Happy New Year! Things are off to a good start. I've received a number of calls recently from current and former clients about wanting to start pumping their breastmilk. An occasional night out, a weekend away, wanting someone else to feed the baby and going back to work are just a few of the reasons moms want to pump, but many of the suggestions and planning are the same. Here's a little info I've written on the subject. Of course, remember each momma has a different situation, so fine-tuning these suggestions is always a good idea to make the most of your experience:
As mentioned above, there are a variety of reasons a mom may begin pumping breastmilk, some of which are medically indicated, others are by choice. These guidelines are offered as general good practices. Please contact me to get specific information for your particular situation so that you may understand your options and make an informed decision.
Generally, if breastfeeding is going well, it is usually recommended to wait until your baby is 3-4 weeks old before starting to pump and introduce a bottle, if that is a feeding method you desire. This allows your baby and your body to best regulate the supply and demand cycle.
It is generally recommended that you double pump (both breasts at the same time) for at least 15 minutes a session (20 minutes for multiples). The number of times during the day required or desired will vary between moms. For many moms, pumping in the morning hours yields the greatest volume of milk.
If pumping is uncomfortable, or you are not getting any milk, you may need a different sized flange (the part of the breast pump kit that fits over your breast).
In the early weeks, for each feed you give by bottle, you should be pumping. This will best mimic what your baby’s needs are and help maintain supply. After the first several weeks, it may be reasonable for mom to extend time between feeds at the breast so mom may rest, or spend time away from the baby, depending on how many other times during the day milk is removed from the breasts by the baby or a pump.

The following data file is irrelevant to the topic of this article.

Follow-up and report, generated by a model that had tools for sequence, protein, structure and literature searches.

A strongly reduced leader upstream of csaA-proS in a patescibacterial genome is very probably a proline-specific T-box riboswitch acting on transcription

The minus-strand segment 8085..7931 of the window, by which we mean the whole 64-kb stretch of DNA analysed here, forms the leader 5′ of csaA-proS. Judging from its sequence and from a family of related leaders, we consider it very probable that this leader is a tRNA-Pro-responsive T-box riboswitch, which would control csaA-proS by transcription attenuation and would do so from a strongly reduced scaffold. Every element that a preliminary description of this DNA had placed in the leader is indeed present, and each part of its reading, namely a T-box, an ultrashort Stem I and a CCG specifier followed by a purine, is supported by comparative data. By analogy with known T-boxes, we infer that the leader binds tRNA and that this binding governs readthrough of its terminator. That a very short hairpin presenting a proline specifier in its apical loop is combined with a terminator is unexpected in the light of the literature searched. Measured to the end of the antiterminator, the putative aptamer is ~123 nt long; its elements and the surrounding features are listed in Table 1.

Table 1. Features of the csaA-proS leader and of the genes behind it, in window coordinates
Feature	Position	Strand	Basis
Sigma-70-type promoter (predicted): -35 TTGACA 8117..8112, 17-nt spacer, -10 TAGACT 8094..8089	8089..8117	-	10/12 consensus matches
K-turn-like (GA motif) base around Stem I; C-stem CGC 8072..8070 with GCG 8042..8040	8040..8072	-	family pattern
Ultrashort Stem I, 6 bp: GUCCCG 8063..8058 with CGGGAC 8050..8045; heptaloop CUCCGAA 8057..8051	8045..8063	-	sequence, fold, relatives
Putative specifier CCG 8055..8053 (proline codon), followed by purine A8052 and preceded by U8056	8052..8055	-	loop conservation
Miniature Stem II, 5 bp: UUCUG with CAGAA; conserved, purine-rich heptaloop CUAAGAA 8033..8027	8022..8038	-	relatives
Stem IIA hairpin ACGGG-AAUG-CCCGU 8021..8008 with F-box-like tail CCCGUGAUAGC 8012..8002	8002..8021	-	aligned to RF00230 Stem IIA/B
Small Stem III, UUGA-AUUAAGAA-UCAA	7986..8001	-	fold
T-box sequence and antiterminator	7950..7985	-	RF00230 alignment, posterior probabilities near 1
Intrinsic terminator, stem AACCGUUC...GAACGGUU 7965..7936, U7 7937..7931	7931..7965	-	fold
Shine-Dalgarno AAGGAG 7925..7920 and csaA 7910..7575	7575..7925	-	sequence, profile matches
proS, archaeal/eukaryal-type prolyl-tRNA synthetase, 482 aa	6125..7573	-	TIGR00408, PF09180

Follow the manufacturers instructions on pump use and don’t forget to wash your hands before you begin handling parts.
Wash all parts, except tubing, in hot and soapy water after use. Air-dry them in between uses and make sure they are completely dry before starting the next session. If you notice any moisture in the tubes, disconnect the bottles/flanges and let the pump run dry with just the tubes attached for a while.
Milk Storage and Preparation
You may store in capped bottles or breastmilk bags. Remember to label the bag with the date pumped and amount. Store in 2-4 oz. amounts since babies sometimes take smaller amounts than others. When storing, make sure to rotate out the oldest milk first, as long as your baby is additionally getting a good amount of fresh milk during the same day.
Breastmilk Storage Guidelines
Room temp (up to 77°F)
Insulated Cooler Bag
5 – 39°F
Freezer (separate door from fridge)
Source: Academy of Breastfeeding Medicine (2004)
To warm breastmilk, place the bag or bottle in a bowl of warm water or under running warm water until it reaches the desired temperature. Drip a few drops of milk onto the inside of your wrist to be sure it is not too hot. Some babies will take cold milk, so do some experimentation. Thawed breastmilk should be used within 24 hours or discarded.
For those of you going back to work or school or spending other time away from the baby, I'd suggest you check out the website workandpump.com. This momma has put together an impressive resource.